A “wetbag” (or “pad wrapper”) is the name for a pouch/bag that can be used to place used pads into. While the name may seem to mean it could hold water, the idea is simply that it is made from a fabric that will contain any moisture and odour so there will be no leakage.
PUL, vinyl, plastic tablecloth material, or a thick polyester/nylon fabric (or double layer nylon) would be suitable. Even a PVC pencil case would be appropriate for a wetbag.
Ideally, a wetbag should be provided with any cloth pad donation kit. This allows the recipient to carry a clean pad in the bag with her to work/school, and provides somewhere to store the used pad, when pads are changed during the day. A budget option that is often included in donation kits are “ziplock” bags.
If you are making pads to donate, this guide will show you how to make a very basic 2 compartment wetbag. This guide uses 1 large piece of PUL, but if you are working with smaller amounts, you could make it with a bottom seam and use smaller pieces.
Take a piece of paper. What we’re going to be doing is making an envelope type shape as shown. So fold your paper (almost in half, but with a top flap). We will be needing one piece of fabric the whole piece of paper size, and one a little shorter than the folded size. You can reduce the size to a bit over half as wide (uses less fabric)
Cut out your pieces of waterproof fabric, So that you have your full piece of paper size. If you want to make a divider inside, so that both clean and used pads can be stored in the same bag, you will need one piece the same size as your folded envelope of paper.
If you have an “overlocker” or “Serger”, finish the short edges of the large piece, and the long edges of the smaller piece. If you don’t have an overlocker/serger, you could “zigzag” it… or you’ll have to make this wetbag in a “turn and topstitch” method (which isn’t covered in this guide). Then sew some velcro on both short ends of the long piece as shown (make sure you have one piece on the right side of the fabric and one piece on the wrong side!). Hint – If you cut the corners off the velcro, it’s not sharp and pokey :) You could use snaps instead.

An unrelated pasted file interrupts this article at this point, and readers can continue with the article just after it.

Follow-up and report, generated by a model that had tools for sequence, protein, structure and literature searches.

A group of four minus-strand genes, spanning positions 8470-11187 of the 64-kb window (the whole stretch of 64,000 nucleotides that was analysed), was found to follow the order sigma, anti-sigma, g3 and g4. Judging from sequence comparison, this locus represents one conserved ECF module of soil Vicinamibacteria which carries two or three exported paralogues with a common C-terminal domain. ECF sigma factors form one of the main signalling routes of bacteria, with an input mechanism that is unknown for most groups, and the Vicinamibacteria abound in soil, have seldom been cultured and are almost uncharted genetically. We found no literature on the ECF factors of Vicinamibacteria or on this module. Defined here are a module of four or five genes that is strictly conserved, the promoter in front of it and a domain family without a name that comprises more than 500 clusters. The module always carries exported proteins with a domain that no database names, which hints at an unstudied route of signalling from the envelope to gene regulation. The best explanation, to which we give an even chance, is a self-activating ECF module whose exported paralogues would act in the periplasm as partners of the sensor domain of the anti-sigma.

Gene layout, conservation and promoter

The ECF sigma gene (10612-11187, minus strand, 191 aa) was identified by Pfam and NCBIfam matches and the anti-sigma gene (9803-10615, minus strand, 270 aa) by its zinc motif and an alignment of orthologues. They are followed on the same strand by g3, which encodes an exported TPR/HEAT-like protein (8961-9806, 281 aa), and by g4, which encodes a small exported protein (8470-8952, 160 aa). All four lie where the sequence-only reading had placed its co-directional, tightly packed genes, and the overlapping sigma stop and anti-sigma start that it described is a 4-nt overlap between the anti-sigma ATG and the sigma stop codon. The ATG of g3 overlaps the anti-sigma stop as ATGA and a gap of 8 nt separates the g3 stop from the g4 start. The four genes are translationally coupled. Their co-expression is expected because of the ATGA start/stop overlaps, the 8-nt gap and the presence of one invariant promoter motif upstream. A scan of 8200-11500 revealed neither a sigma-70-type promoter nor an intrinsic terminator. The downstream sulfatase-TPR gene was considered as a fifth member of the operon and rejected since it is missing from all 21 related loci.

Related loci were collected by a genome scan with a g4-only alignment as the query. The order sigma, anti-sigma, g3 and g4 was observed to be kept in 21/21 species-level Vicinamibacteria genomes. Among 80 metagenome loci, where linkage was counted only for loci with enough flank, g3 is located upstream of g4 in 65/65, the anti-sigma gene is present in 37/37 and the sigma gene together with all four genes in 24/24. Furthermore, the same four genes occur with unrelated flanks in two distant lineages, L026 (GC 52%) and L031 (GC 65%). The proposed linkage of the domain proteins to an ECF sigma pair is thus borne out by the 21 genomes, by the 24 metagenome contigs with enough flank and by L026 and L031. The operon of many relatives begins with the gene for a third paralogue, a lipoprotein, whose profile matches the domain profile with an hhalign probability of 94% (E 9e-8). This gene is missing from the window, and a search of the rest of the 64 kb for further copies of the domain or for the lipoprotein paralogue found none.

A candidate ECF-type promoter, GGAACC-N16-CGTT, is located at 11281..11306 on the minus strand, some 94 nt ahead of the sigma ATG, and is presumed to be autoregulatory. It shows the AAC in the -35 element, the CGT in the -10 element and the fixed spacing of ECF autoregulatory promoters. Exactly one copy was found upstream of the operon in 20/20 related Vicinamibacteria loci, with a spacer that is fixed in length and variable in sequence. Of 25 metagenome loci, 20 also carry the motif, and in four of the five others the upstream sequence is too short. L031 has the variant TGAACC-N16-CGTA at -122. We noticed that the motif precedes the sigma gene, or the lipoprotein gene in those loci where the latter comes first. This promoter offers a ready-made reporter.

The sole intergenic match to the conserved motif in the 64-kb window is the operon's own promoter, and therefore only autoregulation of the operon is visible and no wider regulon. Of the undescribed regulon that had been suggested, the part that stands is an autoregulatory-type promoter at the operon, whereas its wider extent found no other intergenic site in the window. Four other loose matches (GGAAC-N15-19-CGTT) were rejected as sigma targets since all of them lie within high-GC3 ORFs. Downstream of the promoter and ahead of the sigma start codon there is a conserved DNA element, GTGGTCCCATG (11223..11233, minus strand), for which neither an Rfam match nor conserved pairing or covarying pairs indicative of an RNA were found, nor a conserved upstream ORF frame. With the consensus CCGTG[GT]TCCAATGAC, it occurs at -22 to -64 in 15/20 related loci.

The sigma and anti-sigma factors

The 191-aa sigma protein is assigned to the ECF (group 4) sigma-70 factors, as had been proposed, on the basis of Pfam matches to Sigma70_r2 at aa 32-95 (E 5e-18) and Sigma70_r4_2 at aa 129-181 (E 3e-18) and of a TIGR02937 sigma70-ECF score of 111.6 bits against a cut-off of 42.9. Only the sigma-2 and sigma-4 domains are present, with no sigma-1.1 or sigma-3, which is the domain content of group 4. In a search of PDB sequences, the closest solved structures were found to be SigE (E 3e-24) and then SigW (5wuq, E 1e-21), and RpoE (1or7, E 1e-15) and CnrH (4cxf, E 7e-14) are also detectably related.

Lay the short piece ontop of the longer piece, leaving a little space below the velcro. The bottm of the small piece should be along the fold line that you would fold the large piece up. If you would like the compartments of the wetbag to be completely separate, sew the bottom of the short piece down. If not, then leave it as is, and the small piece then becomes a divider, rather than a contained pocket.
Fold the bottom part of the large piece of PUL up, so that it meets the top edge of the smaller piece. You should now see the form of the wetbag. You can pin this together to keep it straight.
Step #6 Now just overlock/serge down each side, sewing the layers together
To finish off your threads, take a large needle, thread it through the stitches, and then poke the thread through the eye. Pull it through, and then cut off the excess
A quicker and easier version that doesn’t require velcro, is commonly known as a “Padwrapper” . Instead of sewing on the velcro, and instead of sewing down the sides while the flap is open – You fold the flap down and overlock/serge it straight down the sides – so you are sewing the flap down at the sides at the same time. Then you can place a snap (or velcro dot) in the centre to help keep it closed in the centre when it’s full (the snap is hard to see in this picture because the colour matches the PUL too well). This uses less velcro/snaps, and the flap stays closed at the edges due to being sewn down